Satya Nadella Toasts Tim Cook

Posted on November 22, 2016 by Paul Thurrott in iOS, Microsoft Surface, Mobile with 56 Comments

Satya Nadella Toasts Tim Cook

Microsoft CEO Satya Nadella has finally taken Apple CEO Tim Cook to task for his hypocritical comments about 2-in-1 PCs.

And it’s about freaking time.

As you may recall, Mr. Cook was asked during a quarterly earnings conference call about PC/mobile hybrids—what we now call 2-in-1 PCs—after Microsoft launched Surface in late 2012. At that time, Cook mocked these devices as Frankenstein contraptions that didn’t meet user needs.

“Anything can be forced to converge, but the problem is that products are about trade-offs, and you begin to make trade-offs to the point where what you have left doesn’t please anyone,” he said in response. “You can converge a toaster and a refrigerator, but those things are probably not going be pleasing to the user.”

Which explains why Mr. Cook’s Apple released its own 2-in-1 computer, the iPad Pro, just three years later. Well, that and the fact that the iPad, which had been going gangbusters in 2012, had seen sales slow and then fall. In fact, iPad sales have fallen year-over-year for over two years now.

So Apple, like Microsoft and the PC industry before it, saw convergence as the solution. And the iPad was converged to be more like a 2-in-1 PC. To be more—a lot more—like Surface.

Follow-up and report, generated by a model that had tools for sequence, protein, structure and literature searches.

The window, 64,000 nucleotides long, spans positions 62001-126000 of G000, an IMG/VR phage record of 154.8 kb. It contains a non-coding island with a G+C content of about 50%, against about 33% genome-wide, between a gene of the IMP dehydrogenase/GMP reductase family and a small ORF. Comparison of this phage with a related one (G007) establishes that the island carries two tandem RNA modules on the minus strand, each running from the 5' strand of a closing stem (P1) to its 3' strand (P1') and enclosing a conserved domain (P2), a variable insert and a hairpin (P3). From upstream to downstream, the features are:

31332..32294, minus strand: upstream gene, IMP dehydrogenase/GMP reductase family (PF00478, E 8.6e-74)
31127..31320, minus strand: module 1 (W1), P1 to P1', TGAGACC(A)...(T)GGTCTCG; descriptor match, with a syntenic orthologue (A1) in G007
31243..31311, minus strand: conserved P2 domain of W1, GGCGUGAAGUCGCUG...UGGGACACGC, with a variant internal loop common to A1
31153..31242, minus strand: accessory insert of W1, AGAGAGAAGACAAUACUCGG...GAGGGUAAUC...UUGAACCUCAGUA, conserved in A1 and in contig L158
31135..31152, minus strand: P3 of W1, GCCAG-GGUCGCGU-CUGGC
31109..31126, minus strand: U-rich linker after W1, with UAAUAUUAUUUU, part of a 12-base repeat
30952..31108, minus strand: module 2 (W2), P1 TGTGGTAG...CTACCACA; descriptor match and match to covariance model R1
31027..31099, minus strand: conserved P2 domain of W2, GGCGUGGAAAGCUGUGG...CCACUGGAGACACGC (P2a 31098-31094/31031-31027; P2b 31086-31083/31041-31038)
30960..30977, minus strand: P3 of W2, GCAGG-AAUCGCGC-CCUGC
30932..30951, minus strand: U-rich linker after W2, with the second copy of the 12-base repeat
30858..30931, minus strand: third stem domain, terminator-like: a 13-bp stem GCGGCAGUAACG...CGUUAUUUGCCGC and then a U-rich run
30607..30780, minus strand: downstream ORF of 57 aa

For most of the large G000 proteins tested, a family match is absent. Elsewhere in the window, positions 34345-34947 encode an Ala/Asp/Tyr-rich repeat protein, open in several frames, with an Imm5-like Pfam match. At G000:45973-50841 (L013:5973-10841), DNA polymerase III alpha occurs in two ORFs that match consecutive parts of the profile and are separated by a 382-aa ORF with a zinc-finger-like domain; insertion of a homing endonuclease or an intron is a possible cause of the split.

Well, Cook’s “converged toaster and refrigerator” comments—like Steve Jobs’ equally-mistaken miscue of calling out a certain tech journalist who said that “anyone who thinks the iPad is a game changer is a tool”—has triggered a long-overdue comeuppance. And now, a year after Apple launched the iPad Pro, Microsoft’s Nadella has finally called him out on it.

In an interview with the Financial Review, Mr. Nadella said that Microsoft’s bet on 2-in-1s—once mocked by Mr. Cook—had paid off.

“Take Surface,” he said, referring to boldness and risk. “Three years ago, the 2-in-1 as a form factor was questioned. Does anybody need one? And now guess what, even our competition has decided that it’s not a refrigerator and a toaster but it’s actually a 2-in-1.”

This shows me a couple of things.

One, Mr. Cook’s words had their intended hurtful impact: Mr. Nadella wasn’t even CEO of Microsoft in 2012, but he clearly retained the insult.

Two, and this is no surprise, Nadella is a class act. He could have gone a lot further in his calling out of Mr. Cook–for example, by naming names—but he maintained his civility. (I couldn’t have done that. I am, in fact, not doing that.)

There is still a healthy debate to be had about which approach to the 2-in-1 is “better” if not “correct.” Apple, because iOS is so much more popular than the Mac, started with a simpler platform. While Microsoft, thanks to the popularity of Windows, started with a more powerful but complex system. Both ideas have merit, and the market will decide.

Too, Apple has a rich history of putting down product categories in which it secretly intends to compete. That said, I don’t believe Cook knew in 2012 that he’d be forced to eat crow and create his own 2-in-1.

Which, ultimately, is what makes this so wonderful.

 

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